Mohammed Ismail has a vision: his generation can foster peace by continuing to serve the community and creating employment opportunities throughout Yemen.
His optimism is more a matter of resolve than naivety as it has withstood harsh circumstances. A thirty-nine-year-old father of six children, Mohammed and his family live in the Hays district of Yemen. Well educated, Mohammed obtained his Bachelor's degree in Pharmaceutical Sciences in 2002 and his Master’s degree in Business Administration in 2015. He now works in the detergent industry manufacturing personal care products for his business, The Golden Lab.
Yemen’s humanitarian crisis has had an acute impact on the health care sector – particularly its service delivery. Mohammed’s lab was no exception.
The Golden Lab was so severely affected by the crisis that it resulted in a sharp decline in revenues and its 2017 losses lead to shareholder discussions about the possibility of liquidating or selling the company.
“We could not meet the needs and requirements of the market, because we did not have a production line that could replace the labor force we needed and that could increase the quantity of production,” Mohammed explained.
Around this time, UNDP’s partnership with Small and Micro Enterprise Services (SMEPS) announced the roll-out of the USAID funded and supported emergency project to support businesses in their sustainability efforts. Having gone through its vetting process, once The Golden Lab qualified for the programming its production capacity expanded from 50 to 800 boxes of manufactured materials per day. While Mohammed’s lab now requires fewer workers in the production department, it has created new jobs in its sales and advertisement departments.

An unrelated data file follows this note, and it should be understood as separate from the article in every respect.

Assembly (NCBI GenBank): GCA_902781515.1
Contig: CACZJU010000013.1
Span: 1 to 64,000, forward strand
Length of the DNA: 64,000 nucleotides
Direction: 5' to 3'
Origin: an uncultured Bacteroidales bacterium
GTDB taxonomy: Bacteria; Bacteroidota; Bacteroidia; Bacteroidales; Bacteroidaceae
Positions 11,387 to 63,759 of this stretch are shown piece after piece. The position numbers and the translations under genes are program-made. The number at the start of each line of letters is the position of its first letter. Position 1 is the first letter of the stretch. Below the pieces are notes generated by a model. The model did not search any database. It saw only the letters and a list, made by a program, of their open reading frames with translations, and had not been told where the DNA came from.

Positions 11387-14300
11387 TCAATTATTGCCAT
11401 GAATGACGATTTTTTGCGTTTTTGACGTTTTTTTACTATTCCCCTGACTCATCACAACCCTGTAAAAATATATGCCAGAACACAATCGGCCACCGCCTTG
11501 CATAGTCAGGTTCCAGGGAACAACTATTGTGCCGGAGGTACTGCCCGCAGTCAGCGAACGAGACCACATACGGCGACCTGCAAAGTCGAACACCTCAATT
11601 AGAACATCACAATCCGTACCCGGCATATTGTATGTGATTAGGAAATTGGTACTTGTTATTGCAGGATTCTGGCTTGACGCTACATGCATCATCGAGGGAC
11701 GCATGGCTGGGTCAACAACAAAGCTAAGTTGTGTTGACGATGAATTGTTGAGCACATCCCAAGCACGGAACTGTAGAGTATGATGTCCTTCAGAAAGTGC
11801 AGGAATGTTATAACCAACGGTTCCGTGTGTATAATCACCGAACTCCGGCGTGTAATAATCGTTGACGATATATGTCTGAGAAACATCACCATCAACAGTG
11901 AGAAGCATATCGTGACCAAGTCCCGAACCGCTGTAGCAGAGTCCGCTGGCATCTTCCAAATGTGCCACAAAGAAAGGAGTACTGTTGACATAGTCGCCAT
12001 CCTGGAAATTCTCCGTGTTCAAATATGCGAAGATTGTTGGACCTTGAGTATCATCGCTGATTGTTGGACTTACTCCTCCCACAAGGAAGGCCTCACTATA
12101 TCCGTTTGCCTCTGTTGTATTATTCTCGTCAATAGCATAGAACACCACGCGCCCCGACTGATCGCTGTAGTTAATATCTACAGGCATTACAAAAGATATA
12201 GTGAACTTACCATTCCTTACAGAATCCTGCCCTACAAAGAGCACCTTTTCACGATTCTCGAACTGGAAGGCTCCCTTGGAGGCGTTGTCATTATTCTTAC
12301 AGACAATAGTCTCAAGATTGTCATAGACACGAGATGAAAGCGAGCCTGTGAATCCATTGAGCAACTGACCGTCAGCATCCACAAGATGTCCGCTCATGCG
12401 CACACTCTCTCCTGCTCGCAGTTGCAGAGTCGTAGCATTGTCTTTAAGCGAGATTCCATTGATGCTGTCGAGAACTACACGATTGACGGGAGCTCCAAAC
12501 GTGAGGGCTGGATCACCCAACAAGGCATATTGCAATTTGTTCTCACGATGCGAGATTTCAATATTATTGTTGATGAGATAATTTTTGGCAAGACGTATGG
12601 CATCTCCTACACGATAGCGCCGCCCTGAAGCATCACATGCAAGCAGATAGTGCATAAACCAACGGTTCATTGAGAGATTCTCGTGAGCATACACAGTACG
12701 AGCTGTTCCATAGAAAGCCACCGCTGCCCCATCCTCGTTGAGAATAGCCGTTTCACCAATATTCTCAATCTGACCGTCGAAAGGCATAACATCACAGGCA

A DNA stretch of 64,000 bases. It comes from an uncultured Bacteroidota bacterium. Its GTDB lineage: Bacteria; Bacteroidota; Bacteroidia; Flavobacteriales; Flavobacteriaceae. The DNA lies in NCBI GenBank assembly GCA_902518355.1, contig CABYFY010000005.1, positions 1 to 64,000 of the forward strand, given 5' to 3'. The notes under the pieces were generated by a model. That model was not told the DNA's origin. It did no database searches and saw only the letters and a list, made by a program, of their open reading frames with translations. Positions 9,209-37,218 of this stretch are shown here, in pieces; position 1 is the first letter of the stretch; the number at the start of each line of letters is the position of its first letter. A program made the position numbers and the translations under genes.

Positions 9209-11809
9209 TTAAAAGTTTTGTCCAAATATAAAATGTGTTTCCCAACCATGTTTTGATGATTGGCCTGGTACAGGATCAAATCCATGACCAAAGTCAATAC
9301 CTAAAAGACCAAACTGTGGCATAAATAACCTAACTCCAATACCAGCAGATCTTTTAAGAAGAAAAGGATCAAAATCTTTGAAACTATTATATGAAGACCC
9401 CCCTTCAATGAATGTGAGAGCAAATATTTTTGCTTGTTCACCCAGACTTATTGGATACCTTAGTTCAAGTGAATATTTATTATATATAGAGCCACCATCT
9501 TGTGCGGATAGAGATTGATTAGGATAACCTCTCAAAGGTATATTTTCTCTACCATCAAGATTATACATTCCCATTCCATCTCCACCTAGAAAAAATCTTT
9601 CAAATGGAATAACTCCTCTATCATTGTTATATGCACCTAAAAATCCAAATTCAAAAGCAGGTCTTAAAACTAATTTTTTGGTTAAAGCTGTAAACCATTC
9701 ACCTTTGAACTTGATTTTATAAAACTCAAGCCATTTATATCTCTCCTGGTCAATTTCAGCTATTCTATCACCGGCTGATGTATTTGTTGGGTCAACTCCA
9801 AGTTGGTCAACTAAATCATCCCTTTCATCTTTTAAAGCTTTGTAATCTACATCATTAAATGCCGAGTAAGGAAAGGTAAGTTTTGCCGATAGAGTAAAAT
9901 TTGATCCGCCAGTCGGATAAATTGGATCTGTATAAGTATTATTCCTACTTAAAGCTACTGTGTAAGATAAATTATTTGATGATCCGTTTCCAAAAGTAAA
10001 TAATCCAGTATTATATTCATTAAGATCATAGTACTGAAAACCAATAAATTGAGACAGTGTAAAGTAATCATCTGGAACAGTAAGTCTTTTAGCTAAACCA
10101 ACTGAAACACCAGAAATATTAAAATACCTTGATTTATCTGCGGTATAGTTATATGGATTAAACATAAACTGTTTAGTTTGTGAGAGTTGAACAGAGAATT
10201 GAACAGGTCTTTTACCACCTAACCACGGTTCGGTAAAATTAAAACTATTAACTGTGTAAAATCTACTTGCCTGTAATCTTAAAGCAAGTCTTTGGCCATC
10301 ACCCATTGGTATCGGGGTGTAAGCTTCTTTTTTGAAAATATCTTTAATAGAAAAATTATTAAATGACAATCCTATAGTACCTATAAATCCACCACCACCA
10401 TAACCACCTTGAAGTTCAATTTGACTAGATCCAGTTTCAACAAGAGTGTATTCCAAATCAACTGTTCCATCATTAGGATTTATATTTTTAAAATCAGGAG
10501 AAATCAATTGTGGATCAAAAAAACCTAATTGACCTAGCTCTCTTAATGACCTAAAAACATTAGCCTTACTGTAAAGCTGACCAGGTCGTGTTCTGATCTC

Mohammed hopes that The Golden Lab will become a pioneer in the detergent and personal care product industry. He remains optimistic and resilient despite additional issues such as economic turmoil and challenges accessing a steady supply of the raw materials needed for production caused by the war and humanitarian crises in Yemen.
Should financial and technical support be provided to leading establishments in the health care sector – including business continuity training services and consulting on how to develop and implement an action plan during times of conflict – Mohammed believes that more people in similar situations throughout Yemen will be able to benefit as he has.
Mohammed is confident that his generation will learn how to overcome the crises from the war and maintain the values of collaboration to create a country where everyone can live peacefully. He is optimistic that Yemen’s future will be one of security and stability.
Between September 2016 – March 2019, UNDP partnered with the Social Fund for Development (SFD) and Small and Micro Enterprise Promotion Service (SMEPS) to implement the USAID-funded and supported ($11,200,000 USD) Yemen Emergency Crisis Response Project (YECRP). Thanks to this aid, YECRP created employment opportunities, restored the delivery of key health and education services, and revived the agriculture sector to benefit vulnerable local households and communities amidst Yemen’s ongoing crisis.